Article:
FragilityI keep bumping up against reminders of our fragility, the precariousness of our happiness, and our capacity for great sorrow.
1. A heartbreaking post from Badger, on what should have been her beloved husband's 35th birthday.
2. A beautiful and brave sick little girl who needs help.
3. An essay by a teacher whose former student killed himself nearly 20 years ago.
Part of my university service involves a committee that occasionally has to deal with students who withdraw for unusual reasons, well past the official deadlines. Often, these requests are the latest in a series of minor misfortunes, or a cynical attempt to manipulate the system so that the student (or her parents) can refuse to pay for the campus services the student refused or failed to use.
At our last meeting, however, we had to consider a withdrawal request made by the family of a student. This is against our policy, but occurred because the 19 year old student was under intensive psychiatric care, and unable to act on her own behalf. Her devastated parents, in addition to dealing with a child who had to be medi-vacked home after several days in local ICU, then had the burden of dealing with the university's myriad forms and requirements. I keep thinking of that family, sending their child off for a college adventure, seeing her return home broken and with no promise of recovery. So many psychological illnesses seem to take hold in late adolescence/early adulthood, and there is something especially poignant about such a tragedy happening just as the child is taking flight into his or her own life.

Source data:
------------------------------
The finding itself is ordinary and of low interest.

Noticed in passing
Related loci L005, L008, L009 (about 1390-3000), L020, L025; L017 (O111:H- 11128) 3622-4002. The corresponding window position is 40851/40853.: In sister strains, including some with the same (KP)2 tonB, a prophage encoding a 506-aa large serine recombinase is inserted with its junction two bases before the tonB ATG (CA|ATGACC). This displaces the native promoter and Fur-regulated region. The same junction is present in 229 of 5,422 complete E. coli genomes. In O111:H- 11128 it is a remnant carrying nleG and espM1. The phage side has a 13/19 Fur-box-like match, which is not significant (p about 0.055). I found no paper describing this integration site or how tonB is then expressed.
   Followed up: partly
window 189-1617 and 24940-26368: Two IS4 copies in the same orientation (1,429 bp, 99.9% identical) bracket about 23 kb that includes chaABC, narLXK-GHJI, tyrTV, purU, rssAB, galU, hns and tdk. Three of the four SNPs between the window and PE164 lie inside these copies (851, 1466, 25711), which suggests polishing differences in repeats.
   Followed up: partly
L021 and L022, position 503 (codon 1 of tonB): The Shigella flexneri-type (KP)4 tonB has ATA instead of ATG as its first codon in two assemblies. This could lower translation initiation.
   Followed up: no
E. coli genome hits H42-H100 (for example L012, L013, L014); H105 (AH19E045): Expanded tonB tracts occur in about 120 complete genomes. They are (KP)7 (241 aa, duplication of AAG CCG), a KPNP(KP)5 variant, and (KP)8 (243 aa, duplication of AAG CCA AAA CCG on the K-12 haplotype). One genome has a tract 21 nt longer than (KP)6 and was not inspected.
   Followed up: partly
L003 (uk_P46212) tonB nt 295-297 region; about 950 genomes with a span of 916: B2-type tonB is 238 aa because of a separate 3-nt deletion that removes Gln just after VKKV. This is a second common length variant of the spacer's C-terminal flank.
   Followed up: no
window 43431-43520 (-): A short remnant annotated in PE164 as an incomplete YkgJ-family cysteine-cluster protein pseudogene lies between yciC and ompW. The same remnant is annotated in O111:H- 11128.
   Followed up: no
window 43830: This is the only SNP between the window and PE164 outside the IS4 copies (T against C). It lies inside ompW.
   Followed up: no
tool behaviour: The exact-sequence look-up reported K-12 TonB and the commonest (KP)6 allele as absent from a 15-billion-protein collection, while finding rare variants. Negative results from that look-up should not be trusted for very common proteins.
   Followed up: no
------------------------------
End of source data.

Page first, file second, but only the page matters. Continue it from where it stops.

We are a very sympathetic place. We have caring faculty, with small enough teaching loads (and genuine enough commitments) to make personal contact with our students. We have unbelievable support services, for students and for faculty. We have all kinds of safeguards in place. But a few years ago, we too had one of those "how could this happen" suicides of a student. They are so fragile. So are we all...